Arriving at the store, gold in pocket, I felt that positive buzz of energy you get when you know you are about to do something worthy. I chatted happily as the business owner examined my wares for authenticity and, satisfied that all hallmarks were present and correct, the man made me an offer of a couple of hundred dollars. Yippee!!!!! I know this does not sound much.....but the stuff was basically a small pile of crap and a couple of hundred is a fifth of the way to the next thousand dollars.
I am pleased with myself. So pleased, in fact, that when the man in question had been rambling on about having never seen 9k gold jewelery before (the U.S. usually only use 10k and 14k) I completely forgot to be somewhat alarmed.
Without further ado, the man gets out a small bottle of liquid substance and starts putting a tiny amount on each item I had brought to him. He looked at the first item, then at me, before declaring "this is fake"!!!
"what do you mean, fake? it's all hallmarked, isn't it?"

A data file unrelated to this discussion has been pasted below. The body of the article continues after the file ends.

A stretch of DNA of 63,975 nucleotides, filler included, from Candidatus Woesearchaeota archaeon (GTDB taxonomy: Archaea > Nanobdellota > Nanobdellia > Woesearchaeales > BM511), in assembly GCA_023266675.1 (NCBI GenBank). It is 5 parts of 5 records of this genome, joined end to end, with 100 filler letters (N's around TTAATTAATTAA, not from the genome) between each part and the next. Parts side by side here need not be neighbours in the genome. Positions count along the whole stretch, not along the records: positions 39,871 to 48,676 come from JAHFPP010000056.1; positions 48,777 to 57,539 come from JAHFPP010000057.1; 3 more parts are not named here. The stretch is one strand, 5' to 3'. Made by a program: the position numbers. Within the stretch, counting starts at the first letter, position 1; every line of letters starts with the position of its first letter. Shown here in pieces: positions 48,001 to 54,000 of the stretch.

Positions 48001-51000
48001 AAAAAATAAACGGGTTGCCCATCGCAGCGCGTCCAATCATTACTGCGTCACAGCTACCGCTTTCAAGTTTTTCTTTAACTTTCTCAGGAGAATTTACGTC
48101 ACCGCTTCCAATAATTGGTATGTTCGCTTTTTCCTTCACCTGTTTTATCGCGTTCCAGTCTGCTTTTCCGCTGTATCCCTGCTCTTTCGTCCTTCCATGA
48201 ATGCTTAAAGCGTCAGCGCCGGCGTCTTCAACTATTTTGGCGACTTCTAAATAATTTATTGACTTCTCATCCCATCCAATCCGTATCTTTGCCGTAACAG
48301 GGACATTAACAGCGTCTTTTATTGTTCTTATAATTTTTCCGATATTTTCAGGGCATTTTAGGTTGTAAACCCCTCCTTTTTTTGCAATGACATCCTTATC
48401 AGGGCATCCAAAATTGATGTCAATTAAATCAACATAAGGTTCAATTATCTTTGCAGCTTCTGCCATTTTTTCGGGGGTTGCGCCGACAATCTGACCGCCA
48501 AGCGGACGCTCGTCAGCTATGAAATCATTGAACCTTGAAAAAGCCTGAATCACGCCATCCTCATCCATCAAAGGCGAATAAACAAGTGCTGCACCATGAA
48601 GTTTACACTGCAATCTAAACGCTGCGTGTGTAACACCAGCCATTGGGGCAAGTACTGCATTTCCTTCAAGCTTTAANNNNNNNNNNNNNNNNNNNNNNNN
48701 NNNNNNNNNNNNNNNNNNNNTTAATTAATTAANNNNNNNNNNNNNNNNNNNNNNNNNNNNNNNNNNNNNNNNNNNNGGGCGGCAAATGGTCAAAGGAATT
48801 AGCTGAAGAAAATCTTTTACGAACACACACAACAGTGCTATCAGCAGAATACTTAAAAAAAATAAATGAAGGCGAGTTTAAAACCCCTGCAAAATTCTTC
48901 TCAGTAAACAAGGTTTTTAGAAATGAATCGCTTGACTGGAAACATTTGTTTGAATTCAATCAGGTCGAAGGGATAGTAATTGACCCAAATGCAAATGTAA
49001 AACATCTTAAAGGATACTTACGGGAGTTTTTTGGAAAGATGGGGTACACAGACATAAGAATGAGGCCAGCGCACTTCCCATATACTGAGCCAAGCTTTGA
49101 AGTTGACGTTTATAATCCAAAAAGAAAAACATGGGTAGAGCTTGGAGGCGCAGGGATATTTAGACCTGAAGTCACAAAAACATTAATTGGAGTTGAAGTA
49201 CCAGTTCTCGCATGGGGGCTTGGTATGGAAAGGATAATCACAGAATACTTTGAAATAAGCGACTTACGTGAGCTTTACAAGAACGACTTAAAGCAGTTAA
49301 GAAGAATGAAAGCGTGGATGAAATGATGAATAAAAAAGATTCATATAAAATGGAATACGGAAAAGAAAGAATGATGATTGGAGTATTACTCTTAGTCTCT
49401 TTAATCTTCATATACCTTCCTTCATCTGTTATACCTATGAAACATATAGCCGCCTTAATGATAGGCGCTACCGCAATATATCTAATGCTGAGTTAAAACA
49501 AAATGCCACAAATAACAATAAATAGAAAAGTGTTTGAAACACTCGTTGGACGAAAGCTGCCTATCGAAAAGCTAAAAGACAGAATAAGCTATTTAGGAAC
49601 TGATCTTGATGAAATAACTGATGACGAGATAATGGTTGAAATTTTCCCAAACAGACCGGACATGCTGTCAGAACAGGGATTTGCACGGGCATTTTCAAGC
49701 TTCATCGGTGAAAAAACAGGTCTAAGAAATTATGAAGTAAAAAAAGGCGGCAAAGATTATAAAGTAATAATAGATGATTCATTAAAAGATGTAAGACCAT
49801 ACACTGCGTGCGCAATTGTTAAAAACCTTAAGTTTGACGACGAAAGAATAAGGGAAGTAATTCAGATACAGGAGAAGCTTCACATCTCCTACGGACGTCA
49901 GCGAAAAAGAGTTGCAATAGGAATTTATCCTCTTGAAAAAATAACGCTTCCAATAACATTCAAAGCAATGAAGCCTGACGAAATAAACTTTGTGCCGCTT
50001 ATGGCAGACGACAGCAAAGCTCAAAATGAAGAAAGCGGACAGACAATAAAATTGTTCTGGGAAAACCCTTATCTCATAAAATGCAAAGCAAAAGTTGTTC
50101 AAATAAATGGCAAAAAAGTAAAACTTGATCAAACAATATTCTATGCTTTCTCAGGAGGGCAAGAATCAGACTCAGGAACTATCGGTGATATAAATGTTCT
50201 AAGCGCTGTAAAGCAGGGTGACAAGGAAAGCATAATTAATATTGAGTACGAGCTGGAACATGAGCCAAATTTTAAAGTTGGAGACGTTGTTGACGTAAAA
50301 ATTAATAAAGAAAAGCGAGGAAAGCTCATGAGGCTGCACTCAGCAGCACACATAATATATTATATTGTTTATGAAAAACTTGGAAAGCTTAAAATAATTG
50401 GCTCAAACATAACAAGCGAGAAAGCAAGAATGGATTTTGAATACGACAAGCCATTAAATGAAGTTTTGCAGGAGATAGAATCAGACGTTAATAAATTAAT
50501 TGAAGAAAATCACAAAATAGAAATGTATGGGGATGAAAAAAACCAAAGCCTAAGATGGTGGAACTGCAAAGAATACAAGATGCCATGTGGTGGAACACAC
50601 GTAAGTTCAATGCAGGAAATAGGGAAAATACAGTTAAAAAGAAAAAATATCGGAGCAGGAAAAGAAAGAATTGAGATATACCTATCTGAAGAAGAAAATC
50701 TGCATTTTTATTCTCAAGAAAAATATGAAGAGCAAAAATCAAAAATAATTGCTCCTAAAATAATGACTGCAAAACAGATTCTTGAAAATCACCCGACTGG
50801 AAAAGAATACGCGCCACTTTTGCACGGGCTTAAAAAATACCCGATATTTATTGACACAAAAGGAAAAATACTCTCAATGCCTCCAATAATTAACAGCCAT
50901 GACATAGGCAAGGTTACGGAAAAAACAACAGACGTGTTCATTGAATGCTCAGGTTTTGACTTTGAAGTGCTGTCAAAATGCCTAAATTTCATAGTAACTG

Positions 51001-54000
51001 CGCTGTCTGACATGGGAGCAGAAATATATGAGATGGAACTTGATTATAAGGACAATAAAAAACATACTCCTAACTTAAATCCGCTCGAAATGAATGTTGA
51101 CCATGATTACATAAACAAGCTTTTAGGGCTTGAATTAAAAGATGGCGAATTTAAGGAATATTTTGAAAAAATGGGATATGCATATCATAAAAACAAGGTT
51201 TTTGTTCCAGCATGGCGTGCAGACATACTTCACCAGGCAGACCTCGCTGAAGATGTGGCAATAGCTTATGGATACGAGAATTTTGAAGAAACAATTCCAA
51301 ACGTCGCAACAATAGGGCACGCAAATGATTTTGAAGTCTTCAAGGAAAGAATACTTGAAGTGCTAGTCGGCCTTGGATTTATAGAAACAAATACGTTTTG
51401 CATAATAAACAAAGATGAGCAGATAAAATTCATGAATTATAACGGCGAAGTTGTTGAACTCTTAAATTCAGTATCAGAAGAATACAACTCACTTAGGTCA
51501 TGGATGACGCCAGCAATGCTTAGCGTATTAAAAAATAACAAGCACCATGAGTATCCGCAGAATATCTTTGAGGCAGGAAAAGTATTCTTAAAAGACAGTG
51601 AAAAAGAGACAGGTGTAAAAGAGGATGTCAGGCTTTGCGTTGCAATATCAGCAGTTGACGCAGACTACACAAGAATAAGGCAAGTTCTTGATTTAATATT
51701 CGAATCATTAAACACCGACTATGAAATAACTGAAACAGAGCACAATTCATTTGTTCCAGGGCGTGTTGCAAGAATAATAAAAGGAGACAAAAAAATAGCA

I heard the man groan to himself before moving on to the next piece.
"this piece also appears to be fake!" he states.
SERIOUSLY.......first I move to a part of America that promises numerous opportunities in the Social Work field in which I am trained, only to be told I am unemployable in said field due to my 'foreign national' status. Then, several adoption agencies turn me down - also due my 'foreign national' status. Now, I am told that British gold is just not good enough in this so called 'land of opportunity'.
Forgive me if I am sounding a little paranoid here, but I am starting to get an inferiority complex. This place sucks......and not just a little bit! I am so friggin' mad, I swear I have steam coming from my ears!.
I try to think rationally and question the man on what exactly he is doing. The bottled substance, it turns out, is some kind of acid. If acid is placed on anything other than gold, the metal turns green. After much discussion, I managed to decipher that because 9k gold is not as pure as 10k or 14k (it is mixed with other metals to 'bulk out' the gold content) the acid was leaving a green residue that the man had only ever seen on fake gold before. It took some arguing about hallmarks and my very best 'pleading eyes' look to get him to agree to take the stuff. Finally, all arguing over, I leave the store still shaking from head to toe with anger, but with that precious cheque in hand.